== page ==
Young Fern (Dakota Fanning) rescues runt pig Wilber (voice of Dominic Scott Kay), but it’s going to take even greater intervention to save him later, when he’s ready to be turned into bacon. And that’s where spider Charlotte (voice of Julia Roberts) comes in to save the day in this charming adaptation of the classic E.B. White novel. Hollywood hasn’t always done right by White – the 1970s animated feature gave Fern short shrift, while the Stuart Little movies lacked the quiet dignity of the books – but this new version captures the gentle qualities that have made the book perennially popular. Thanks to an all-star voice cast and “Babe”-style computer animation, the film brings White’s beloved animal characters to very realistic life. Kids and adults alike will be won over by the results.
Kinsey Scale: 1 (Steve Buscemi, who voices Templeton the Rat, made a memorable screen debut as a gay rock star with AIDS in Bill Sherwood’s “Parting Glances,” and Robert Redford – Ike the Horse here – played a bisexual movie star married to Natalie Wood in “Inside Daisy Clover.” Oprah Winfrey and Kathy Bates, who both have queer movie credits, also provide voice talent.)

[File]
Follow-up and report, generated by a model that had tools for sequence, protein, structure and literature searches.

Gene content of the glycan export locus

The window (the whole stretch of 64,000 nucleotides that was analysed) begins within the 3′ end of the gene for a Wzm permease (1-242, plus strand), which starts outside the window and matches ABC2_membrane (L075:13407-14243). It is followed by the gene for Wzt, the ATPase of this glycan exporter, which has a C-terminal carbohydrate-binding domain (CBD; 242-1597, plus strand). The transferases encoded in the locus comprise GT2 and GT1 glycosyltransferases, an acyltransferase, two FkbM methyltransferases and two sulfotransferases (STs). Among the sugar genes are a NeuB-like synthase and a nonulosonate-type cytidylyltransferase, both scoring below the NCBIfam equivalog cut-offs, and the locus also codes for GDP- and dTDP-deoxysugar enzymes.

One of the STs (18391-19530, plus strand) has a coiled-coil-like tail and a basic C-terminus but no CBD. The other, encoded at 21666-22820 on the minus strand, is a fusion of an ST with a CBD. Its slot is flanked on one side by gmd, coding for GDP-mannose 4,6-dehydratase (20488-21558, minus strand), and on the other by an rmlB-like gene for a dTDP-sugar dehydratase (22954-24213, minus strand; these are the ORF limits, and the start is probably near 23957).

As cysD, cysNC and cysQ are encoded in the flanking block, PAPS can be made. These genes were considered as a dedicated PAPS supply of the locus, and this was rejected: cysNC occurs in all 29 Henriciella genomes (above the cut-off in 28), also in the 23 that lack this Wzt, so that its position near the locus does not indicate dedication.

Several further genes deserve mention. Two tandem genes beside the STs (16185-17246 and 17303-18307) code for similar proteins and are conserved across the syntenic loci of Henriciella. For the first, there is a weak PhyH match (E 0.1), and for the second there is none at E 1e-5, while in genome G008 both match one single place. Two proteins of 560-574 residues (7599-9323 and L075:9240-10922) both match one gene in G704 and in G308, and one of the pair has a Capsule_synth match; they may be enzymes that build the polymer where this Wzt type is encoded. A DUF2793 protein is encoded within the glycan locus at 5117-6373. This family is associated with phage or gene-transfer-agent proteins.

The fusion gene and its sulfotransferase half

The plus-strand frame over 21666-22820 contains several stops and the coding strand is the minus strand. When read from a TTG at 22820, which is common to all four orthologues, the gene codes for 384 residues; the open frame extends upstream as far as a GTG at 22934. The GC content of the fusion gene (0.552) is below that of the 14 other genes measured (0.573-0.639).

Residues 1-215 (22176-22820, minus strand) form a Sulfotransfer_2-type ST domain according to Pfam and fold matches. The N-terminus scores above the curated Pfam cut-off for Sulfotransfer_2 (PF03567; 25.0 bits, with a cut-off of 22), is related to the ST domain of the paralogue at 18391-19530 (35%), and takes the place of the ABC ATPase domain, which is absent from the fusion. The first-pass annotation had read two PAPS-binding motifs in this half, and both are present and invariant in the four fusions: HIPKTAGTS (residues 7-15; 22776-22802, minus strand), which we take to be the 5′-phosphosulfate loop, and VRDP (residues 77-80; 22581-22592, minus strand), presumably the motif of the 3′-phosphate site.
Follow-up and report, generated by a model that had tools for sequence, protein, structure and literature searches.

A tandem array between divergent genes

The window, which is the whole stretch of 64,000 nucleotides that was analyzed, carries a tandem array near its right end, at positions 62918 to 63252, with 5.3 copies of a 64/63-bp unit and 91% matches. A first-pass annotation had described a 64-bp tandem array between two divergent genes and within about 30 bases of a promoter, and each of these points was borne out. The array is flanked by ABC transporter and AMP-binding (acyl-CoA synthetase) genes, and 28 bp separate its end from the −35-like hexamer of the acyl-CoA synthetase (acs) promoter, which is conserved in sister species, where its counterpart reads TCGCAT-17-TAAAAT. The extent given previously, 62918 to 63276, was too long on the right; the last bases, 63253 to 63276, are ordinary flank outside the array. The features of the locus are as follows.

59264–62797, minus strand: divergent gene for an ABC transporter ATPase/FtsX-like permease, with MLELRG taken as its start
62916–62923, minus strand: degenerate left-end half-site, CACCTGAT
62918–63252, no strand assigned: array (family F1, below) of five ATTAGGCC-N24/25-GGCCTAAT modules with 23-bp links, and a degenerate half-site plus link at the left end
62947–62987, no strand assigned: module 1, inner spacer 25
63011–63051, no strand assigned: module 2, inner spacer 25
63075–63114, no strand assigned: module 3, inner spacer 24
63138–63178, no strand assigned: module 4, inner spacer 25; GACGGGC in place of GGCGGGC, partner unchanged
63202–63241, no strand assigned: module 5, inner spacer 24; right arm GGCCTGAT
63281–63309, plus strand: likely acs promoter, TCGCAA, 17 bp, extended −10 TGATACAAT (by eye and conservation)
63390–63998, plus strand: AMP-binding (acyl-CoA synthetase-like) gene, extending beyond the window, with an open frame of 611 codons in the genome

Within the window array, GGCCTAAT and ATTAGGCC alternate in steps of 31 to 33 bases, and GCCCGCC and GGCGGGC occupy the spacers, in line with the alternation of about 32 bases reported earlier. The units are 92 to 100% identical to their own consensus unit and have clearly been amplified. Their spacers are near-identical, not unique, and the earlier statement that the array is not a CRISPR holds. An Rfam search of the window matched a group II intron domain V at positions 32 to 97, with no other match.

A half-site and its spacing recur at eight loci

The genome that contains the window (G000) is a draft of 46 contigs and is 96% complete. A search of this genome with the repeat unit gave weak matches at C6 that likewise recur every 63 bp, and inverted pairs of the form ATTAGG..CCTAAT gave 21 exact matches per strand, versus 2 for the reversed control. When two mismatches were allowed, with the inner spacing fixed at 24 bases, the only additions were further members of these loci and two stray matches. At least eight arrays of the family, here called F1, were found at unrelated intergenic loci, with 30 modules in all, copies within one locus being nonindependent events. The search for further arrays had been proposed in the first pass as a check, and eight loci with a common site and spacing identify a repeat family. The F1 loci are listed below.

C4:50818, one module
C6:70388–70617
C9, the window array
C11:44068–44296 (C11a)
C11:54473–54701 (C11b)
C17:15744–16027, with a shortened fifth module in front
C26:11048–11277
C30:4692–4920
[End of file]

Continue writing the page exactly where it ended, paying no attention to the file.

The Dreamettes, a Detroit trio, seem destined for stardom when up-and-coming record mogul Curtis Taylor Jr. (Jamie Foxx) signs them to his label. Both big-voiced Effie (Jennifer Hudson) and beautiful Deena (Beyonce Knowles) are in love with Curtis, and jealousy threatens to tear the group apart when Curtis promotes Deena to lead vocalist. Twenty-five years after its Broadway debut, this lavish musical explodes on the silver screen in all of its big-haired, ’60s-era glory. The songs are trite and director Bill Condon’s frantic editing deflates the drama’s power, but the gorgeous costumes, superb art direction, and superior acting make up for those sins. Best of all is former “American Idol” contestant Hudson, who emerges as the movie’s true star, thanks to her sensational soulful performance.
Kinsey Scale: 2 (Condon, who wrote the screenplay as well as directs, is gay, as are co-producer David Geffen and composer Henry Krieger. So were original Broadway director Michael Bennett and lyricist Tom Eyen, who also wrote the book of the musical. Condon wrote the screenplay for “Chicago,” won the screenwriting Oscar for his queer drama, “Gods and Monsters,” and made the bi drama “Kinsey.” Co-star Danny Glover appeared in “The Color Purple.”)
The Good German